by: Sigurd Rinde

Or why the situation is not about Black Swans, it's about Plain Geese.

Heard of Special Purpose Vehicles, a rather grim game of "hide and seek"? Seen this amateurish gaming of stock prices on the last day of last quarter? Ever wondered what a Structured Investment Vehicle is trying to hide? From "Hide and seek" to virtual poker games with real money, where does the games end and where does reality set in?

In order to understand, simulate and reproduce any natural phenomena we need a model, a theory. With that established, simulation can happen, understanding of cause and effect may occur.

But sometimes something unwanted happens: If the model is only approximative and there is money involved a tendency to game the model itself becomes very strong. We are after all humans. Homo Ludens that is.

To understand commerce, and even run commerce and industry we have developed a model, or rather a set of models where the most important one is called double-entry book-keeping, a 514 old model that tries to represent the transactions. Being rather coarse it soon required rules, regulations and referees - after all money is involved so the participants soon found ways to adjust, tweak and even cheat for their own gain.

And with rules duct-taping a two-pages-at-a-time paper based model representing reality what do we get? An increasing tendency to game the system of course. How much of the activity on Wall Street and in the City of London would you think is focused on gaming the system and how much is focused on fulfilling real life tasks like creating new products or repairing bridges? Anybody's guess I would say, but if you ask me, quite a substantial part being gaming the system. Certainly more money in gaming a system than in actually delivering a tangible value. Tangible values have the bad tendency of keeping the margins down, gaming the intangible and invisible has no limits.

Adding more rules will never change that reality. Deregulation or not, no real difference but the time-span before the model functionality is messed up again. Fair-value measurement standards, leverage ratio limits, no skin off my nose - it's all about the referee adding rules. Bailout, new rules, new referees and scared participants will forever be a part of it all. We'll sort this one out now, then we'll sit back and wait for the next one. And mind you, this is no Black Swan, this one is a Plain Goose returning from it's winter habitat. They fly off every now and then, then they return, that should not surprise anybody.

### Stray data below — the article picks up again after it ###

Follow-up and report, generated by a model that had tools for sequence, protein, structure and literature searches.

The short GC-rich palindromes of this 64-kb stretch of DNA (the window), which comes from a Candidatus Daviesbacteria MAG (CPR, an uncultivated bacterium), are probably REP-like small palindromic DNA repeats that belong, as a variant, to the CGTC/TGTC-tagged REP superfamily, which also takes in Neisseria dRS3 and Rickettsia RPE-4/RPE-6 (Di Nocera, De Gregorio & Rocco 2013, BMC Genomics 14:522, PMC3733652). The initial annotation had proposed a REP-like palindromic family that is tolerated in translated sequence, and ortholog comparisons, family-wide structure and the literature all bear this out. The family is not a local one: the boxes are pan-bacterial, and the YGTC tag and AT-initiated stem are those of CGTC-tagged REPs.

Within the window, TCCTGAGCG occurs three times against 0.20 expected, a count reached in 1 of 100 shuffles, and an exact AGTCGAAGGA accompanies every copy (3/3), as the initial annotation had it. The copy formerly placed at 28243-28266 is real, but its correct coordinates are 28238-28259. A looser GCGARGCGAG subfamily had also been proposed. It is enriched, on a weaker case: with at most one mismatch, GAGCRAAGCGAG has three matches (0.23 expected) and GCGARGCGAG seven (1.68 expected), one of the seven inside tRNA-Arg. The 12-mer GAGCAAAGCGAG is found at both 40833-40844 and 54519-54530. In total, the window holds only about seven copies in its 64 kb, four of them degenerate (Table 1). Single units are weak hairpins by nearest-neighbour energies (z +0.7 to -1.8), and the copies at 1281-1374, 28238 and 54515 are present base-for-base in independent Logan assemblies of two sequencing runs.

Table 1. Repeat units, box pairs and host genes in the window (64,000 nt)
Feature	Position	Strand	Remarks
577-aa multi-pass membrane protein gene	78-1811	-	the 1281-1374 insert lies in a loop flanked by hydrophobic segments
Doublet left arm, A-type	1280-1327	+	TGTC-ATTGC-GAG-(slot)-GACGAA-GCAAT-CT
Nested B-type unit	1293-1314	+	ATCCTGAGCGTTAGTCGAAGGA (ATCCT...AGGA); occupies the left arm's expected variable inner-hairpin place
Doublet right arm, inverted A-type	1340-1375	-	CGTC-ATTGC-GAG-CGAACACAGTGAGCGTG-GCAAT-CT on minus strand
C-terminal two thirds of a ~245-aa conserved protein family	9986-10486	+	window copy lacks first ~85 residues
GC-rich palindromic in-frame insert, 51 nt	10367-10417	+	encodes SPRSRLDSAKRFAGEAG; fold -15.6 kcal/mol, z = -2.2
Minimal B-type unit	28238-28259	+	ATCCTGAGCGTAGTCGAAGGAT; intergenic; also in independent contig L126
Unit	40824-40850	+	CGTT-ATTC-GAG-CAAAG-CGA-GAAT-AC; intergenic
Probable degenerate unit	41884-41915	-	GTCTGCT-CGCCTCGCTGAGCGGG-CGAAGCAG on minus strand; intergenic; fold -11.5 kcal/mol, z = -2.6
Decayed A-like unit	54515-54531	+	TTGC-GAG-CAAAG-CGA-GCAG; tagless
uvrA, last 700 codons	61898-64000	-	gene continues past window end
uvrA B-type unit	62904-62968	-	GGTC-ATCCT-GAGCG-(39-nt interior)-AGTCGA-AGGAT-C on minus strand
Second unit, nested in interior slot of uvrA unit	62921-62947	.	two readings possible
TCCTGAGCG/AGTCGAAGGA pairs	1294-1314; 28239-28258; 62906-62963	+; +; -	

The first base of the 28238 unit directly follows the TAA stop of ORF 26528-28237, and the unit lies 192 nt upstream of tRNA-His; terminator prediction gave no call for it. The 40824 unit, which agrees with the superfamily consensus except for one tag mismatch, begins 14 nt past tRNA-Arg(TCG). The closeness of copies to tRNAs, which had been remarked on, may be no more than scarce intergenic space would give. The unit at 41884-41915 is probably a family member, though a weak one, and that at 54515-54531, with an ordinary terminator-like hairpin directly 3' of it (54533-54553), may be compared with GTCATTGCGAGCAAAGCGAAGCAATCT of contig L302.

The current crisis is a game crisis, the best way to solve it is to stop the game, simply by moving the activity off the game pitch.

For this you have to look for a new model to represent reality more directly leaving less opportunity to game it. As you cannot create new models based on the old ones one has to start by dumping old models. I would suggest killing off the old Italian model as a good start and replace it with something slightly more modern.

Then of course, accepting the reality that we have the tendency to game any model, keep on refining the models instead of adding new rules.

Apologies extended to my old chums in the investment banking industry, it's not your fault, you've been in it just for the game.

Original Post:  http://thingamy.typepad.com/sigs_blog/2008/10/financial-crisi.html

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